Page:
Archive for the 'Best Practices' Category

How to report KPI’s to your management

Often it is difficult to decide which KPI’s are important for your management and which aren’t. Numbers that matter to you probably won’t matter to your management.

Most CEO’s/COO’s don’t need the entire KPI handbook on their desk unless you want to confuse them. I often was astonished how little knowledge the management has when it comes to KPI’s and I often saw how confused a management can be when you deliver the wrong info. Your CEO might be very smart, but don’t bother her/him with KPI’s like the Percent of Low Click Depth Visits.

From my experience I think it is important to keep the reports simple and stupid unless your management has deep webanalytics knowledge. The presentation should be done with a Tacho/Speedometer or other dashboards that are easy to read. Add some class to your Excel tables and show what you are able to deliver.

I also recommend to print out reports in color. Colors are important to show changes. I usually highlight important numbers and issues that need to be adressed.

Printing out Excel sheets is a good thing as well. First of all you can double check your nonsene numbers, second of all you will make sure that your boss will take a look at it. Reports via Email might be nice, but a colored printout always looks more impressive.

After reading this you might want to know what KPI’s to report. I think it depends on each company, business model and management. It doesn’t make sense to tell you what to report. Most managers are happy to see positive simple data like ROI, unique visitors, revenues. Others are more advanced and prefer trends, rates and ratios.


Key performance indicator webcast

Wednesday, October 25th at 11:00 am PDT, Fireclick hosts a free webcast.  Greg Dowling will discuss customer findings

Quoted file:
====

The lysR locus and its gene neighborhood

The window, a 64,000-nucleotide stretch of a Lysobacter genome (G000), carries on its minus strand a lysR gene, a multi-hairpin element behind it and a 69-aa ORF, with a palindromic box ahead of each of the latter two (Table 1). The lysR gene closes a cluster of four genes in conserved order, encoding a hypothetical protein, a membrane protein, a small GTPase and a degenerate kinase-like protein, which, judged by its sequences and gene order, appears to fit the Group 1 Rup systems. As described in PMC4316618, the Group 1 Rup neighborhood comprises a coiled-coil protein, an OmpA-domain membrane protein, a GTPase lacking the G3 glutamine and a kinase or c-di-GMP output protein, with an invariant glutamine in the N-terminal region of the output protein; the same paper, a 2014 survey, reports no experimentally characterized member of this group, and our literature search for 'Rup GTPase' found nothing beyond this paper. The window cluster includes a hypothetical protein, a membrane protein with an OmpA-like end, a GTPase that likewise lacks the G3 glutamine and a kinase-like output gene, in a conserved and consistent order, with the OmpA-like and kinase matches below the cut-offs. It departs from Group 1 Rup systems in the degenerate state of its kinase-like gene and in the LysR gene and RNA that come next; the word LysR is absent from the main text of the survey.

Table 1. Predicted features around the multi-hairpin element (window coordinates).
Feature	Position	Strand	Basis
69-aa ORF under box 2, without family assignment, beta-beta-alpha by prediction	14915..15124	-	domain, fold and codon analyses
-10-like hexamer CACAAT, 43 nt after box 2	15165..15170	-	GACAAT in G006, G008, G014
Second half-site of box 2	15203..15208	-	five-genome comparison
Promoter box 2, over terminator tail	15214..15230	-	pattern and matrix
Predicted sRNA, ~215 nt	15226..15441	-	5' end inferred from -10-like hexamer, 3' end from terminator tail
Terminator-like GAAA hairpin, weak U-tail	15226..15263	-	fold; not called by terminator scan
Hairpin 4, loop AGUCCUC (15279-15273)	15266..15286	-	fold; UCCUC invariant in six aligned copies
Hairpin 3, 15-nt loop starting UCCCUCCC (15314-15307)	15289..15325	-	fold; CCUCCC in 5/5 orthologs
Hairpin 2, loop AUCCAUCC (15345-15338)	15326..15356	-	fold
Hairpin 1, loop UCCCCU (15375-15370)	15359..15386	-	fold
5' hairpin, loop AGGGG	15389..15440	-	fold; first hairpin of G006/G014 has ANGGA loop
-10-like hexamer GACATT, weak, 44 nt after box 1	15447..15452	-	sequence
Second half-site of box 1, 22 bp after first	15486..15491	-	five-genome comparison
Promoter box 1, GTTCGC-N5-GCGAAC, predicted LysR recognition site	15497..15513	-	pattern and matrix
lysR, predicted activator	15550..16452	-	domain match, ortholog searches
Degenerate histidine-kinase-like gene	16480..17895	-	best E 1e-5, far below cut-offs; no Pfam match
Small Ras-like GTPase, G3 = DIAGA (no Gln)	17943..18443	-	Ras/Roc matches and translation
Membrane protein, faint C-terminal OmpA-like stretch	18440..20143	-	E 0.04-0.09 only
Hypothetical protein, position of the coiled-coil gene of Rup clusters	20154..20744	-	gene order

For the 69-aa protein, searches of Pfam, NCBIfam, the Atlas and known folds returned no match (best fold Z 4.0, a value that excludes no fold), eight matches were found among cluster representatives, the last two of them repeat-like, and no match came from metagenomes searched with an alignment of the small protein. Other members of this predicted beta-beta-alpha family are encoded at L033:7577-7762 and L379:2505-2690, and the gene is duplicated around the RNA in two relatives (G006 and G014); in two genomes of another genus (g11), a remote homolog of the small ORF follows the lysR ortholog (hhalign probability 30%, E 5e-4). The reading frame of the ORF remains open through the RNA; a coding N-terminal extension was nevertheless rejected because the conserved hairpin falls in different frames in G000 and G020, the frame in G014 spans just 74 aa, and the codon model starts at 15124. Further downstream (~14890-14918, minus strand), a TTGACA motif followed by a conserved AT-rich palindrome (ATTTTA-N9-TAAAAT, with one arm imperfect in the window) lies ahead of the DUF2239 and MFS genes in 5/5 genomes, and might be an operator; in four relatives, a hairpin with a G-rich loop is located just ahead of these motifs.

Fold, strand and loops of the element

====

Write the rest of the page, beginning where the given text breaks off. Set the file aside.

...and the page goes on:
on what metrics retailers are using to drive their business and increase sales and conversions.REGISTER early, limited seats available:

Greg was Senior Manager of Strategic Web Analysis for Scholastic Inc., where he managed the Web analytics group for Scholastic’s Internet division, e-Scholastic. He was responsible for staff development, infrastructure, strategy, best practices, and overall service delivery with respect to Web analytics. Prior to Scholastic, he was Director of Web Design & Production for Cendant Marketing Group, responsible for all aspects of Cendant’s Web presence including content management, Web design, usability, e-commerce, Web analytics, e-mail and search engine marketing. Previously, he was Regional Operations Manager for an online database service distributing digital maps and data to the environmental consulting industry.


Monitor your competitors!

Current webanalytics tools measure your own website or measure the entire web (Coremetrics, Metricsdirect, Hitwise, Alexa…). When evaluating this data webanalysts often forget to monitor competitor behaviour. Monitoring and analyzing your competitors is one of the key factors for  your success. Website-watcher is a nice tool, which allows you to watch your competition closely. It takes a minimum of time and completes the picture of other monitoring techniques.   website-watcher.jpg

Here the key features:

Monitor web pages
Monitor web pages with a minimum of time. Why waste hours surfing the web, when WebSite-Watcher can do this job for you within a few minutes. Supports all kind of pages with textual content (html, asp, php, …).

Monitor password protected pages
Logins to a password protected page can be recorded with the integrated Check-Macro feature. These macros are executed when WebSite-Watcher checks the bookmarks for updates.

Monitor forums
Efficient way to monitor forums for new topics and replies using forum templates. Works with all major forums including phpBB, SMF, vBulletin, IPB,

Monitor RSS-Feeds
Website-Watcher converts RSS/Atom feeds into a readable format using a template system. So you can use the full power of WebSite-Watcher to detect new or changed RSS postings within a single tool and also monitor password protected RSS feeds behind a login


Top 10 tips for a successful webanalytics implementation

Selecting the right webanalytics vendor takes a lot of efforts. But the implementation can be worse. Here are my top 10 tips for the implementation process:

1. Have a plan

First of all you need to make an efficient and detailed plan / business requirement document for the implementation process. This includes a time frame and a cost analysis as well as goals for your organization.

2. Choose the right person

The implementation of a webanalytics solution can be the most annoying thing for your development team. Choosing the right person within your organization is crucial to a successful implementation. Look for a person, who has good technical skills and shows interest in webanalytics.  If your development team has bad attitude you will be screwed and maybe should think about hiring a…